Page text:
This week, while browsing at St. Mark's Bookshop, I picked up James Longenbach's The Virtues of Poetry, a book of criticism published by Graywolf Press in 2013. To call this a "book of criticism," however, is to make it sound stodgier and more specialized than it is. Longenbach's book is a collection of linked essays, all examining what constitutes poetic virtue: what, in other words, are the distinctive excellences that poetry possesses, and how can we recognize these excellences when we see them?


Each essay is a delight to read. Longenbach, a poet, critic, and professor, is deeply learned yet wears this erudition lightly. He moves from poet to poet, poem to poem, now touching on Emily Dickinson, now moving to Wallace Stevens, now to Andrew Marvell.

Longenbach's writing itself displays many virtues, but the most impressive might be his ability to write clearly--and beautifully--about abstract concepts. Here he is, for instance, describing the virtues of that most unheralded of poetic virtues, restraint:

The poets I’ve examined were influenced by the plain style, but each of them sits uncomfortably to the side of that tradition. Rather than fostering a poetry of direct statement, they employ extremely restrained diction in order to suggest something other, something spooky or mythic, than what the language of the poem also denotes. Reading “The Sick Rose,” we know immediately that this rose is an emblem for certain notions about human sexuality, though we also know it is a rose. Reading “The Wild Swans at Coole,” we feel that the woods, the path, and the swans are luring us into a landscape at once physical and spiritual. The poems don’t require any allegorical machinery to establish this effect: the restraint of the language itself—the immediate sense that we are being told far less than we could be told—establishes a decorum in which the clear sense of what is being said raises the mysterious specter of why it is being said.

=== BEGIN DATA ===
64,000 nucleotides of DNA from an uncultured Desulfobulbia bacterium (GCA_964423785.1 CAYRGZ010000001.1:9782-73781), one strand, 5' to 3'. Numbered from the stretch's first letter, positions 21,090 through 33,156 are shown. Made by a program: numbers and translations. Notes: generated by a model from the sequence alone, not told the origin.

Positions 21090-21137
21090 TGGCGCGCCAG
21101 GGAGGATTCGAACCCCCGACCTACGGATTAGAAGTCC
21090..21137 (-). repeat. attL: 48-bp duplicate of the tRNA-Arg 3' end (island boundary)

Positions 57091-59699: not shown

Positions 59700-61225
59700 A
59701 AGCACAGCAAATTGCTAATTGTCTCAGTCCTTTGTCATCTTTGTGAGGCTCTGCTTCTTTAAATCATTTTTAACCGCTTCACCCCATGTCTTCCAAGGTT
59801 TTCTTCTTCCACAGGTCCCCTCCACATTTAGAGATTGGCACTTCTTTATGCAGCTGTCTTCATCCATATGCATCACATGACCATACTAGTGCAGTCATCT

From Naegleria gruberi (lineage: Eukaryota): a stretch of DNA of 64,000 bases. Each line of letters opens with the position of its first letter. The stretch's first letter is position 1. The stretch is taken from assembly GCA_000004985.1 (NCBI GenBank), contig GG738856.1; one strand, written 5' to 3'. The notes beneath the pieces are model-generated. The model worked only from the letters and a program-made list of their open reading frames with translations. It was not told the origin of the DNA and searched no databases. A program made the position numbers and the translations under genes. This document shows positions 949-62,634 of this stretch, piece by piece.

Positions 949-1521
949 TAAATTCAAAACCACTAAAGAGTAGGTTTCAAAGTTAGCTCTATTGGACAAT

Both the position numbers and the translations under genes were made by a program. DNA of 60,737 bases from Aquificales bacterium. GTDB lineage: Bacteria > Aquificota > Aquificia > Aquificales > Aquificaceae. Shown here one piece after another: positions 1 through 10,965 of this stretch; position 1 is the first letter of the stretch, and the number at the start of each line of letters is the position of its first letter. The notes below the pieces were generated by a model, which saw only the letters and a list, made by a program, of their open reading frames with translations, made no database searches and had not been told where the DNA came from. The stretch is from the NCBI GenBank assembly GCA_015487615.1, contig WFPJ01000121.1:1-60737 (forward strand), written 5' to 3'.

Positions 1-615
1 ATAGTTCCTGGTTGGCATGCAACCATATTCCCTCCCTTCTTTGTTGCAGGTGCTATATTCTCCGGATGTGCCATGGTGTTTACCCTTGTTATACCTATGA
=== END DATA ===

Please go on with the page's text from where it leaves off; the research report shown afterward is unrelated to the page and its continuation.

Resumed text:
Later, he writes on the opposite virtue, poetic excess:

Keats once remarked that poems should surprise us with a "fine excess," a formulation that juxtaposes two Latinate words: fine (from finis, the end or limit) and excess (from excedere, to go beyond the limit). The formulation is boldly paradoxical--a limited limitlessness, a finite infinitude, a mortal immortality--but it is also accurate. For whatever else it is, the poem is the words on the page, and its drama of expressiveness is played out within the circumscribed arena of the linguistic medium, over which the poet has complete control. Chaos, like order, is in art a concertedly crafted illusion.

Longenbach works through several other virtues, including boldness, shyness, dilation, and surprise. In each instance, he addresses large-scale questions ("Why does a human being make a poem?") but always answers these questions by examining specific instances of poetic excellence.

If there's a central thesis to The Virtues of Poetry, it might be this: that poetry is language at its most exuberant and at its most disciplined, and that that we couldn't have the one without the other. Lovers of the poets Longenbach reads--W. B. Yeats, T. S. Eliot, Elizabeth Bishop--will find riches on every page, as will those generally interested in the art and practice of poetry. I couldn't recommend a piece of criticism more highly.

Anthony Domestico is chair of the English and Global Literatures Department at Purchase College, and a frequent contributor to Commonweal. His book Poetry and Theology in the Modernist Period is available from Johns Hopkins University Press.

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